Lee statue: propaganda in bronze

Five years ago, my wife and I visited Charlottesville, Va. It’s a lovely little city as well as the home of one of our finest colleges, the University of Virginia. I thought Charlottesville could be a nice place to retire.

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Statue of Gen. Robert E. Lee in Charlottesville, Va. For some it is to be revered. For others reviled.

Among the sights we saw was a statue of Gen. Robert E. Lee riding his famed horse, Traveler. The sculptor created a beautiful depiction of the Confederate military leader, who cut a striking, majestic figure atop the pedestal upon which the statue rests. At the time, I thought little of it, since statues of General Lee and other monuments to Confederates are common throughout the South.

Fast forward five years. The statue has become a flashpoint ever since the Charlottesville City Council voted to remove it. White supremacists, members of the Ku Klux Klan and neo-Nazis have come to Charlottesville to demand the statue stay put and to rally on behalf of racism and intolerance. The most recent protests, this past weekend, led to three deaths and gripped the national conversation, especially after the President voiced sympathy with the organizers of the rally.

What I did not know, and learned in the course of following the controversy, was that the Confederate statues were more than just a memorial. They were part of a concerted effort to whitewash the sins of the South and promote white supremacy, no pun intended. These figures, erected in parks and in front of courthouses, ascribed heroic qualities to those who fought for the “Lost Cause,” but made no mention of what that Lost Cause was.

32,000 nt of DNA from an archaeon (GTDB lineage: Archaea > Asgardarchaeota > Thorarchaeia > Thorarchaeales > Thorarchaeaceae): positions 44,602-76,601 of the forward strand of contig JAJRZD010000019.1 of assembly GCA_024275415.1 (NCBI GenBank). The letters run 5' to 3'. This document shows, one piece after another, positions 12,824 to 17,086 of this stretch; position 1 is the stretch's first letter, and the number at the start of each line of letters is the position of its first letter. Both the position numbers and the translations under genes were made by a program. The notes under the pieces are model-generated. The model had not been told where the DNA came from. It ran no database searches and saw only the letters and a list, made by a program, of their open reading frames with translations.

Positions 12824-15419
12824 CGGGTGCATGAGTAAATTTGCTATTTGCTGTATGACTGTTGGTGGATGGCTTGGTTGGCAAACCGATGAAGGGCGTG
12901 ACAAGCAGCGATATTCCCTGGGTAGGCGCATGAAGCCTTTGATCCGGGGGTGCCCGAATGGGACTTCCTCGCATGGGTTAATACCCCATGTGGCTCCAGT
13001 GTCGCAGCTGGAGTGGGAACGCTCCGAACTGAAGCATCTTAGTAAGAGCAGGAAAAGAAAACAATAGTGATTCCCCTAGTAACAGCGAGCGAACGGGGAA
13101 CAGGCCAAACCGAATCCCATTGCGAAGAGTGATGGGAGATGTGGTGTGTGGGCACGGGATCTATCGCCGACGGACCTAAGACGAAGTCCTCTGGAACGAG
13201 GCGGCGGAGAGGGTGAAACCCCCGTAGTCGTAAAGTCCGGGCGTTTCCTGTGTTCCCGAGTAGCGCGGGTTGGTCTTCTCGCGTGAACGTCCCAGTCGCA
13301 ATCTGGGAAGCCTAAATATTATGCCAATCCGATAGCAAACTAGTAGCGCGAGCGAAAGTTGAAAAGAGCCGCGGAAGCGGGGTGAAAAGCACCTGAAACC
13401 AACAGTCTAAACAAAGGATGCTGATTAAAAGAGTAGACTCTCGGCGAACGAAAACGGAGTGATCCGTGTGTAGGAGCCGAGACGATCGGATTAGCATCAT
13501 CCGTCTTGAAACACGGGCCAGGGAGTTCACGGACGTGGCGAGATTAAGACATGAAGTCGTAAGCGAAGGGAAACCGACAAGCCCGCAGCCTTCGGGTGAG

When the Civil War began, the South framed the dispute as an argument over states’ rights. The North fought to keep the Union indivisible. It wasn’t until President Lincoln made the war about eradicating slavery that the tide turned.

The rebellion continued after Lee had surrendered at Appomattox and the Confederacy was disbanded, however.  Local militias fought with freed former slaves and occupying Union forces. The old guard eventually regained control of state and local governments as the northern soldiers withdrew; and they imposed “Jim Crow” segregation in everything from schools to railroad cars to drinking fountains. They also looked the other way as the KKK and lynch mobs terrorized African Americans and their supporters. The purpose: keeping white supremacy embedded in the social and cultural fabric of the South.

In a similar vein, the Nazis used propaganda to glorify the German people as the master race and to denigrate those they considered inferior, especially Jews. The effort to annihilate the Jewish people through the concentration camp system did not manifest itself in the early years of the Third Reich. Rather, the Nazis ratcheted up the pressure gradually by imposing increasingly tougher restrictions and using stronger rhetoric. Eventually, many Germans viewed their Jewish neighbors as less than human.